Small Pork Producers Face Closure
A decade ago, Yucatan had 15,000 small pork farmers. Today, there are barely 5,000 and 300 of those are facing closure due to the rising price of grain and lack of governmental support. The situation has grown out of complex global and national economics. It is easy to throw up one’s hands and say that it is a shame but there is nothing we can do about it. That may be somewhat true for those who live in the city and purchase their pork in large chain grocery stores, but many expats live in smaller towns and villages. If you live in a small town, you know the elderly ladies who raise chickens and turkeys to supplement their incomes. You know the gentleman who raises a few hogs or goats to help send his children and grandchildren to school. You know the fishermen whose families have a thriving little fresh fish market in their backyards. If at all possible, we hope that every expat, no matter where they live, will purchase as much of their food as possible from local producers and help to spread the growing number of farmers’ market venues. We can make a difference. And besides, the locavore (eating food grown locally) movement is worldwide.
Meridano A Success in Social Networking
We always love a good story about any young person who hits it big just by being themselves and doing what they do best. Such is certainly the case with Ricardo Sanchez, author of “Twitter for Companies in 4 Steps.” In the beginning, he was just another young man with a passion for Twitter. Then he wanted to know (and had the skills to find out) what would be the best recreational promotions advertised for his area on the weekends. He wrote the program and his Twitter account took off like a rocket. The next step was to patent the tool in the United States. After that, all of his time was taken up babysitting his Twitter account and his exploding numbers of young followers. Something had to change. How could he make money by compiling information that was free on the Internet? He was having fun, but living isn’t free …and then a major hotel came calling and asked him to advertise on their site. The rest is history. The book is written and we are very proud to say that one of the Internet’s best and brightest young entrepreneurs is a native of Merida, Yucatan. This is just one example of the quality of young people who exhibit at the Expos at Siglo XXI Convention Center. Do stop by to see what’s new whenever these Expos are taking place.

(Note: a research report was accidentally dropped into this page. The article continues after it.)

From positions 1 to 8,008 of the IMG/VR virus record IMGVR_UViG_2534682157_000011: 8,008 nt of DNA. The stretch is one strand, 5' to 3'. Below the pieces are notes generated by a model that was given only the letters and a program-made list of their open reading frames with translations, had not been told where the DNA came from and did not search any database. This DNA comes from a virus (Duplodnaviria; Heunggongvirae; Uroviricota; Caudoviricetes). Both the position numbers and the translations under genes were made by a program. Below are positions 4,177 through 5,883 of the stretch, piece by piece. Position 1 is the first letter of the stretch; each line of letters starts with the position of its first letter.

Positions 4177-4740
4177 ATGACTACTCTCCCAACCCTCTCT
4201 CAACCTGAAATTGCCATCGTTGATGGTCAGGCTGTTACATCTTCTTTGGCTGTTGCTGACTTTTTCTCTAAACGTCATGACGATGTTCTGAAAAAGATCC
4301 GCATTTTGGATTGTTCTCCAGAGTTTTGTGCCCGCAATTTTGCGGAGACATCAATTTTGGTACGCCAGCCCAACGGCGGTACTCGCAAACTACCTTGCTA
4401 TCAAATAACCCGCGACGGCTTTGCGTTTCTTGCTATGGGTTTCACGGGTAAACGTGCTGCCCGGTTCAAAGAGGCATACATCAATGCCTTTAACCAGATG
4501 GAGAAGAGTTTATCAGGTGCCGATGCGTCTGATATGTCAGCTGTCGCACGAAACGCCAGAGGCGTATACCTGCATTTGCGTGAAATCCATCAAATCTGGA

Sustainable Energy: Headlines Side-by-Side
In much of the world, when governments or agencies cannot collect enough taxes to pay for the increasing costs of energy, it becomes necessary for energy delivery to be cut back. This actually happened in rural, southern Yucatan last week. It is a temporary situation that will be resolved when the community’s federal grant arrives, but the news headline was still a bit of a shock. The very headline was about the physics students, in that same area, coming together to work on a sustainable energy project. These students came from different grades and schools, and their projects included everything from the use of recyclable materials to lemons and salt – all of which Yucatan has in abundance. The most emphasis was placed on wind and solar energy. Our take-away from this was: Dim the lights in Yucatan and the young people will turn them back up by creating their own lights. We think the next generation of energy entrepreneurs will, without a doubt, include young people from Yucatan and they will be coming to an Expo near you very soon.